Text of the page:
Of course, this is what everyone is afraid of when they're doing a price increase, is this kind of rejection - flipping out, upset. It makes sense why we want to avoid that.

I encouraged my student to give that client a call. I said, “Listen, if your VA calls, it's going to piss them off because they feel like your VA is screwing them over. Just give them a quick phone call. Reiterate the situation, set your boundary and see what happens.

Well when the student called the client, the client did hear a reason and was just upset, and they weren't upset at anything in particular other than they were not getting their way. Now before this phone call, before this price increase, if I had asked my student,”Is this person your soulmate client?” they would've said, “Absolutely.” But then as we do some digging, she's not actually a soulmate client.

We're going to talk about that in a little bit, but I want to talk about the same exact situation with another client.

This other client only has one dog, but they also have two kids. Neither one of them was any better off. They both made about the same amount of money. In fact, the person with the two dogs drives a Lexus where the other person drives a Honda. Not always a telltale sign of their personal financial situation, but it's not like people in poverty.

The second client was really appreciative. Lisa even mentioned to the VA, “I knew I was getting a discount all along. I totally understand that she needs to bring me up. Is there anything we can do scheduling-wise to help the transition? Because I've got to reshuffle things for Christmas and New Year's because just from a financial standpoint, adding an extra $60 to $70 a month for Christmas in January might be a little tough for us.

They said, “Absolutely, let's help you figure this out and then we can go on a four week schedule again starting in February.”

So you had two different, extraordinarily different, well, frankly, just the reactions. You had one person who's like, “How can you do this to me?” The other person being like, “Yeah, I knew I was getting a discount and I knew it couldn't last forever.” That's a very mature way of handling these things, versus someone completely flipping out.

That said, if you had asked the student before this price increase who their soulmate client was, they would tell you it's a woman with kids or kids that are about ready to leave. She's probably in her mid forties to late fifties. She generally has a small breed of dog, you know, Shichon, Shitzu, poodle, whatever, and she makes X amount of money, so generally between $75,000 and $150,000, or her household does. Her dog is her baby. Her dog is the most precious thing to her. Then she would talk about demographics, like where she would live and things like that, geolocation.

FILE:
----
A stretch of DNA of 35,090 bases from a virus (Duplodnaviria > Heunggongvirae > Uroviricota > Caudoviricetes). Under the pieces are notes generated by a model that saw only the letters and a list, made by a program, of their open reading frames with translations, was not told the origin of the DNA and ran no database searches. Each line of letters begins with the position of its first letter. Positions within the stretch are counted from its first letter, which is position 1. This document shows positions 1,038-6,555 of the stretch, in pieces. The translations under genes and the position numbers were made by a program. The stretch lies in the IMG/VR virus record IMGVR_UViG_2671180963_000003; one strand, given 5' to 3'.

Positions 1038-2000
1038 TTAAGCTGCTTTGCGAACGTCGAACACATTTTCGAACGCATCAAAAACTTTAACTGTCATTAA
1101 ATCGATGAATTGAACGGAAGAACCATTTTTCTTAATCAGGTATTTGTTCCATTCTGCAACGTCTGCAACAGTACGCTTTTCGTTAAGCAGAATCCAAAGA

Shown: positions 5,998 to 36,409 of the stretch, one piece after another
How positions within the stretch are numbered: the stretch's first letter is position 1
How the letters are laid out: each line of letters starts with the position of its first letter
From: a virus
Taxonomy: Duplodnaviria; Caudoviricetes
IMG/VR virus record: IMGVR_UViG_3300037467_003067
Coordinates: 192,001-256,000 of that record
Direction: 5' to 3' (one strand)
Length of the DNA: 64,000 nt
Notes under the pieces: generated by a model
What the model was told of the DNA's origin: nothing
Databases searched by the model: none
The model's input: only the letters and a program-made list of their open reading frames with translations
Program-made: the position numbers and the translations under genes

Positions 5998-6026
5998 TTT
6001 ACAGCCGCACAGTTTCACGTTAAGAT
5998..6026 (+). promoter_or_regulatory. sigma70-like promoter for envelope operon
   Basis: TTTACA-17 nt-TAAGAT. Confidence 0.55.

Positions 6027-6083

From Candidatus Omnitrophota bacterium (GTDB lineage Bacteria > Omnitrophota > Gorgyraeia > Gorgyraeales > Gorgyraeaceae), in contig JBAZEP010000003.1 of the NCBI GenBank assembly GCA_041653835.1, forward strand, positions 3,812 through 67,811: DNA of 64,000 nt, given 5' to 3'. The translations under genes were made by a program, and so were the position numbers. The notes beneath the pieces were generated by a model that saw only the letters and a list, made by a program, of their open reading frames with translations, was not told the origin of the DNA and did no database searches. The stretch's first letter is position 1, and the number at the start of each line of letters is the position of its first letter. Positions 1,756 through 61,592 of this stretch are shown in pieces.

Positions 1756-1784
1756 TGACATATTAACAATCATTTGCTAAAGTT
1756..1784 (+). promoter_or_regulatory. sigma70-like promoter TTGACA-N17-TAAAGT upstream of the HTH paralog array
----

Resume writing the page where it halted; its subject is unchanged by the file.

That said, this person on paper would be her soulmate client. These two clients are very identical. I think that's what shocked her was they were very, very identical clients. The difference was in just a little bit. Ironically the student and both of these women all have the same autoimmune issue. I think that's where they had all really bonded.

What was interesting is the first client, let's call her Nancy, things started to come undone once we started to talk. So I said, “Okay, so tell me about the services you're getting for her dog.” She said, “Well, her dog has allergies, so she's got a medicated shampoo, he gets clean feet, she shaves his face, he's not very good for his shaving his face, but he's not bad.” She's listing all these add-ons. The other dog needs to either be shaved because he sheds and the mom's allergic to it, or she does like a really, really good deshed.

She's spending an average of three hours at that place. I said, “Well, why are you spending so much time there? It's a long time for one haircut and one bath and blow dry.” It's because the client wanted to talk. The client might ask her to do things that she doesn't normally do, things like, not quite latchkey, but basically bring the dogs in when she's done, basically come back for the money later, or she would leave the money.

I said, “Okay, well, does she tip really well?” When she opened mobile, I want to say her baths were like $60 or $70, and her haircuts were $100. This woman from the beginning should have been paying $160/$170, and she was only paying $60. This woman's been getting a $60 to $70 discount for years recently. I mean, she's getting over $120 discount minimally. That said, I asked “Did she at least try to make it up in the tip?” This woman only tipped her like $10, like she was saving $100 at one point. I said that’s a red flag.